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NBC News fires Matt Lauer over 'inappropriate sexual behavior

NBC News fired "Today" show co-host Matt Lauer Wednesday over allegations of "inappropriate sexual behavior." (Michael Loccisano/Getty Images)

In an emotional statement on NBC's "Today" show Wednesday morning, co-hosts Hoda Kotb and Savannah Guthrie announced that Matt Lauer was terminated from NBC News over allegations of "inappropriate sexual behavior."

Here's the announcement from 'Today':

Why was Lauer fired?

Guthrie read the statement from NBC News Chairman Andy Lack explaining why Lauer was fired. The allegations of "inappropriate sexual behavior" were left vague.

"Dear colleagues, on Monday night, we received a detailed complaint from a colleague about inappropriate sexual behavior in the workplace by Matt Lauer," the statement began.

"It represented, after serious review, a clear violation of our company's standards," it continued. "As a result, we've decided to terminate his employment. While it is the first complaint about his behavior in the over twenty years he's been at NBC News, we were also presented with reason to believe this may not have been an isolated incident."

"Our highest priority is to create a workplace environment where everyone feels safe and protected, and to ensure that any actions that run counter to our core values are met with consequences, no matter who the offender," the statement read.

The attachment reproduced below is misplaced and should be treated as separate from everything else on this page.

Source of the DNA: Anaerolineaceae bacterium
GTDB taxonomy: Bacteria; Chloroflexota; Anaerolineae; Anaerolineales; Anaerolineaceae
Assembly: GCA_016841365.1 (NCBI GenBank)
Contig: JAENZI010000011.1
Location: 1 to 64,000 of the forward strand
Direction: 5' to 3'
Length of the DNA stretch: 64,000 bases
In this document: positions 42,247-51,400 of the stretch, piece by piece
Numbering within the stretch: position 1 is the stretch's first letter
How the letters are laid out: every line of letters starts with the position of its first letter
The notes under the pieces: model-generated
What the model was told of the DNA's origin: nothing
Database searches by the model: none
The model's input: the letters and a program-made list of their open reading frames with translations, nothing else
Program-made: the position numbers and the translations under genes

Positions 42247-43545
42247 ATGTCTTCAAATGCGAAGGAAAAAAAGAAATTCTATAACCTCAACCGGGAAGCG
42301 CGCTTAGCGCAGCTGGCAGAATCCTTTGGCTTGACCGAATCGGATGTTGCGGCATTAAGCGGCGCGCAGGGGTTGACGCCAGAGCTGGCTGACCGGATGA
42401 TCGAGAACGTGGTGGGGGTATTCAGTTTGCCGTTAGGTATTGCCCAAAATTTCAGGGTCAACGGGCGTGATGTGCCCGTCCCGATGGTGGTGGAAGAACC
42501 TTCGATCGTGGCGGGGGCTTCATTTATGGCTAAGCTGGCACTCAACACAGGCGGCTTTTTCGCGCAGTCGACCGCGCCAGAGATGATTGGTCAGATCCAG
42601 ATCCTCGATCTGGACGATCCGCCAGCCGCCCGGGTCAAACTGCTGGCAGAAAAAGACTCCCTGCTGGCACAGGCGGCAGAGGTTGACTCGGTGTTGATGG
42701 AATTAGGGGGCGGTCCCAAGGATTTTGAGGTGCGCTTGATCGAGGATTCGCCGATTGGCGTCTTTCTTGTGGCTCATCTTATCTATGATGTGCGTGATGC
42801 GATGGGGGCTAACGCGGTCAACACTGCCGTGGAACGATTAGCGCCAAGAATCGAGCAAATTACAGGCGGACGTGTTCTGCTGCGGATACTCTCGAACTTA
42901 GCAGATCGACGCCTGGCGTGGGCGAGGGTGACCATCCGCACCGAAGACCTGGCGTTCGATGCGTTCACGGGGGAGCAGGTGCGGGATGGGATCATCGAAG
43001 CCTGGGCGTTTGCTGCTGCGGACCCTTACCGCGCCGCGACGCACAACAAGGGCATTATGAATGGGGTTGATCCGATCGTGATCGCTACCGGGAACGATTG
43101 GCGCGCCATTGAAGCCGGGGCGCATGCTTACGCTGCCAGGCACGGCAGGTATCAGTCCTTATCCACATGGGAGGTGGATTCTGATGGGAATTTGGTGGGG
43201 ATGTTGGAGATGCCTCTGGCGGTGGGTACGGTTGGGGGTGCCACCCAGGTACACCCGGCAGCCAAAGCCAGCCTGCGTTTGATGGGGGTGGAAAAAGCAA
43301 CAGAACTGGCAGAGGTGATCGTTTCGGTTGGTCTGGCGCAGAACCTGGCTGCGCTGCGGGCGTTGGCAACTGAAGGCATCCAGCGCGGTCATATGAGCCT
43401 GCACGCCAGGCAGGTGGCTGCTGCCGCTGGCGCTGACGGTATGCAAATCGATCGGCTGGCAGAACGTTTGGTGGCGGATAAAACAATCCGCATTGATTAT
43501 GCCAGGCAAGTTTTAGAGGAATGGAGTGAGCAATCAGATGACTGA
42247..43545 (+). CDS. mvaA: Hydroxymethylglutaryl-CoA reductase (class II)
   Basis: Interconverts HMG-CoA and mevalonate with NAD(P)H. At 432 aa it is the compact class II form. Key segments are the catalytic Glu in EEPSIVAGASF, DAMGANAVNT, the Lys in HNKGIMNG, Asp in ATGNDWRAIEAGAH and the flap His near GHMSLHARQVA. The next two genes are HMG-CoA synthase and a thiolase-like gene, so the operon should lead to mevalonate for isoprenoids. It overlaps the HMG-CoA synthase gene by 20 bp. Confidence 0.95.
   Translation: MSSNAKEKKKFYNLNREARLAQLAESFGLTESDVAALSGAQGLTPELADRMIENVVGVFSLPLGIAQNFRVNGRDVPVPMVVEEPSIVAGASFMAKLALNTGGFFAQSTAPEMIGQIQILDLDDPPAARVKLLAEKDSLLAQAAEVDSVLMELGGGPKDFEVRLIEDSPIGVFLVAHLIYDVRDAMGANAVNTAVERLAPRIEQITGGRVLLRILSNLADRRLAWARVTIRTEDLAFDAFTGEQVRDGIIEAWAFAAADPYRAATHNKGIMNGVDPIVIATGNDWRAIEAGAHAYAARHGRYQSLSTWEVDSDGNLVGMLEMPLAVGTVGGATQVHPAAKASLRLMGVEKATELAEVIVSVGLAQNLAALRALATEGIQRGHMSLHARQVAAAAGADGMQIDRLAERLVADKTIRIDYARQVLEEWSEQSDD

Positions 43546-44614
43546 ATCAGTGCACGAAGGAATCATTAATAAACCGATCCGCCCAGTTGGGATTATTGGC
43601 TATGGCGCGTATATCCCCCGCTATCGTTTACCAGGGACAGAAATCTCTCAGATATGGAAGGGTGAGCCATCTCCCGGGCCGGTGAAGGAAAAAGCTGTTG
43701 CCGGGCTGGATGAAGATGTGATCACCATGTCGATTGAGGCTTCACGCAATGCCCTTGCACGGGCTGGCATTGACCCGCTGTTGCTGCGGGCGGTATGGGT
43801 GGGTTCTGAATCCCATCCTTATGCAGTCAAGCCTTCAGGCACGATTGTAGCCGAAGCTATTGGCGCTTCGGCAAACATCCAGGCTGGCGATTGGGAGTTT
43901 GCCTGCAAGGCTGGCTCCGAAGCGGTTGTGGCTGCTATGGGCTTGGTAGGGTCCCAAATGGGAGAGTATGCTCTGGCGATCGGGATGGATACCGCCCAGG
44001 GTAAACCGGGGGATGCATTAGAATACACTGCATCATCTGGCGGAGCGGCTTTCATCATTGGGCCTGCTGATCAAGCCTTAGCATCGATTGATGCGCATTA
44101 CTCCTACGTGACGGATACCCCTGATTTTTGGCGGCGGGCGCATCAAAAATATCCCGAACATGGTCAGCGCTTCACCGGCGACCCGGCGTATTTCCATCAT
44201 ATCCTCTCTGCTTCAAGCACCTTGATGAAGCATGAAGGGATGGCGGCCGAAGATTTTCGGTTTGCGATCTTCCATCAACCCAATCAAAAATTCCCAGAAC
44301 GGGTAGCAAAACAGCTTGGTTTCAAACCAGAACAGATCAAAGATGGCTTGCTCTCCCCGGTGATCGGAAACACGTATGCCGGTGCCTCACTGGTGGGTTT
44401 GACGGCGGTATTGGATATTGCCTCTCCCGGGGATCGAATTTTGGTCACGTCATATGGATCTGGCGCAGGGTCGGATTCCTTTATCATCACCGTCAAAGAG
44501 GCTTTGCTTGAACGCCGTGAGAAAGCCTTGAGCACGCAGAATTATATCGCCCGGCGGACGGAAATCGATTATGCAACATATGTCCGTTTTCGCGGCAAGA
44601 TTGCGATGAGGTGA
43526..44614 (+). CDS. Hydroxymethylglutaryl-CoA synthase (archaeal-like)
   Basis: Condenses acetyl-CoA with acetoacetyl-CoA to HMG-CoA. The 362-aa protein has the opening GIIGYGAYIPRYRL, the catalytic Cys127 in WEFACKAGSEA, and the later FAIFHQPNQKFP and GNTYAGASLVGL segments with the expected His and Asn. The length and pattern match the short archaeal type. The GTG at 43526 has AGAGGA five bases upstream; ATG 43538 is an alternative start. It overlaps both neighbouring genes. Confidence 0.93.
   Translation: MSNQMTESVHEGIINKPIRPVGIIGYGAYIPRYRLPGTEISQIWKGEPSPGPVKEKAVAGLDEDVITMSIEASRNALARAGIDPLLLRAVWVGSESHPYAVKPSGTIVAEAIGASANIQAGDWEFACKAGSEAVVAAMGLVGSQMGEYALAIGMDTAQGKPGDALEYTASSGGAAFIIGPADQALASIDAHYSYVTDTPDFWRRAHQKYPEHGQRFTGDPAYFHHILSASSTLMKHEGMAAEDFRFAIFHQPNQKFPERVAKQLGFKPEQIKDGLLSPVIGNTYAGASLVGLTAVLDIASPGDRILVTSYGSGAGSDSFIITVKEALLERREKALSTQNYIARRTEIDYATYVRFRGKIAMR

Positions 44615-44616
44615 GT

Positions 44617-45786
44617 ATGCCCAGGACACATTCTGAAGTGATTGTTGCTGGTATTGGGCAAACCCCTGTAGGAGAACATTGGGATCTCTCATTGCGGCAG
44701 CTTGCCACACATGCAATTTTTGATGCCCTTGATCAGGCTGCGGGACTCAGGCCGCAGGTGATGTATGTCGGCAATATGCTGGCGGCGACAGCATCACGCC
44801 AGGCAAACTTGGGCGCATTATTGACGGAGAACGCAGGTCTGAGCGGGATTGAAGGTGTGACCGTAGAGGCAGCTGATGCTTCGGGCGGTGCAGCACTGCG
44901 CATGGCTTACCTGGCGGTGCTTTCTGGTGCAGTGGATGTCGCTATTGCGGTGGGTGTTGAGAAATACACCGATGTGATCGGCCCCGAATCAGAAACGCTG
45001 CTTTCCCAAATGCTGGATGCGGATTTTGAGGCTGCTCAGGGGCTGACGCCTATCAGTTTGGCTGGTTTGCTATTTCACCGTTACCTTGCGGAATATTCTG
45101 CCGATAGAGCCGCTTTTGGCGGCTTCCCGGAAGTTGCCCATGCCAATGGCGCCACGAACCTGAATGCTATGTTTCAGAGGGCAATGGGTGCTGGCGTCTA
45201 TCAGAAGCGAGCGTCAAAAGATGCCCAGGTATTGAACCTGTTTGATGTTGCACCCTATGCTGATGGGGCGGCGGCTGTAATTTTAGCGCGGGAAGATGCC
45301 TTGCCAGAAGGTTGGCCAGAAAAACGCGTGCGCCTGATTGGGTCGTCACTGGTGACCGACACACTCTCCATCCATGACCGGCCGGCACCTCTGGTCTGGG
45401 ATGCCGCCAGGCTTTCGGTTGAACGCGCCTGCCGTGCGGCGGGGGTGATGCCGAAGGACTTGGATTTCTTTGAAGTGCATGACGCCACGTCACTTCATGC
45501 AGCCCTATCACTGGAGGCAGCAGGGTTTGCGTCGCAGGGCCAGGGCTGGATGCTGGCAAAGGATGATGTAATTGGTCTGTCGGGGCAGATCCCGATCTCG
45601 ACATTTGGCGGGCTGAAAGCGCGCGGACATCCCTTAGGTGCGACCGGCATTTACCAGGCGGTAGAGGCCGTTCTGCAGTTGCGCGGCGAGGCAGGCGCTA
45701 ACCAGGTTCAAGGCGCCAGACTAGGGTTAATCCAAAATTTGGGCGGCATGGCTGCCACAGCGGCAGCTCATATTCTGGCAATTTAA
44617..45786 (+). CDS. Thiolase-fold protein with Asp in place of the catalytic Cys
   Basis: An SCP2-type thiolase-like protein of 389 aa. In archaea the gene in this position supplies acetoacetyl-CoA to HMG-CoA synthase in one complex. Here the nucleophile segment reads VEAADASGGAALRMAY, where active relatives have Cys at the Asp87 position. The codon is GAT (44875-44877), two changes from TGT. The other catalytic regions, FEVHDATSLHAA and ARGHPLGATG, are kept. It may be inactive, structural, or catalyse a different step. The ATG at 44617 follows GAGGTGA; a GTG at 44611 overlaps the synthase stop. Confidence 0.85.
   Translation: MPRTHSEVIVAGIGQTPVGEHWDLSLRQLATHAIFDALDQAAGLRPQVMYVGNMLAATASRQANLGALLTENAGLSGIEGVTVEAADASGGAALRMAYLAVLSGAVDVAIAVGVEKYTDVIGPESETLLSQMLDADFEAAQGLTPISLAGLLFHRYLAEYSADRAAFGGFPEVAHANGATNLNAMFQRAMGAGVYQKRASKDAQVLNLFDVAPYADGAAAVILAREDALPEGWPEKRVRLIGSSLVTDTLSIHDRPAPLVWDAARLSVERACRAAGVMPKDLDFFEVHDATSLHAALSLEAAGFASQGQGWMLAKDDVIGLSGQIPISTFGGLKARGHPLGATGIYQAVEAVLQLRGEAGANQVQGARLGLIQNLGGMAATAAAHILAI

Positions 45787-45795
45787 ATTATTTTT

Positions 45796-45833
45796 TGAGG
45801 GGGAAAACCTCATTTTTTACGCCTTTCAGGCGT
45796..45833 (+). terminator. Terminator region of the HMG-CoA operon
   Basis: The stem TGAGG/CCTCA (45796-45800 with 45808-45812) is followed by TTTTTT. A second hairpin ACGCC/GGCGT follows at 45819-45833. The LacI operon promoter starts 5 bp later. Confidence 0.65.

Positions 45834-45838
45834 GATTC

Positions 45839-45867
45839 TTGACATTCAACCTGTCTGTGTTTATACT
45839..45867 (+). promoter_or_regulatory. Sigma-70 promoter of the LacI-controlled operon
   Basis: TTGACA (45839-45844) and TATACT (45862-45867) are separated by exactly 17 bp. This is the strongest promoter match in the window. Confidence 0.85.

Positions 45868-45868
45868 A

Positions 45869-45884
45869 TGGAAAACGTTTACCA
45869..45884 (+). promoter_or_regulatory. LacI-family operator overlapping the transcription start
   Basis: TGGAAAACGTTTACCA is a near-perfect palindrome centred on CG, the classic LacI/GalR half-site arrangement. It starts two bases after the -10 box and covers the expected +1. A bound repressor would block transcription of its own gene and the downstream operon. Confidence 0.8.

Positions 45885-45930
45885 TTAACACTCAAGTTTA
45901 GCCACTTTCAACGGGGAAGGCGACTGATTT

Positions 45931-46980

"We are deeply saddened by this turn of events but we will face it together as a news organization," it concluded, "and do it in as transparent a manner as we can."

"As I'm sure you can imagine, we are devastated," Guthrie added after the statement.

"For the moment all we can say is that we are heartbroken," she explained. "I'm heartbroken for Matt. He is my dear dear friend and my partner, and he is beloved by many many people here. And I am heartbroken for the brave colleague who came forward to tell her story, and any other women who have their own stories to tell."

CNN's Brian Stelter reported that Lauer was informed of the decision Tuesday night before he went to bed, and that New York Times reporters had been investigating him for sexual misconduct for weeks.

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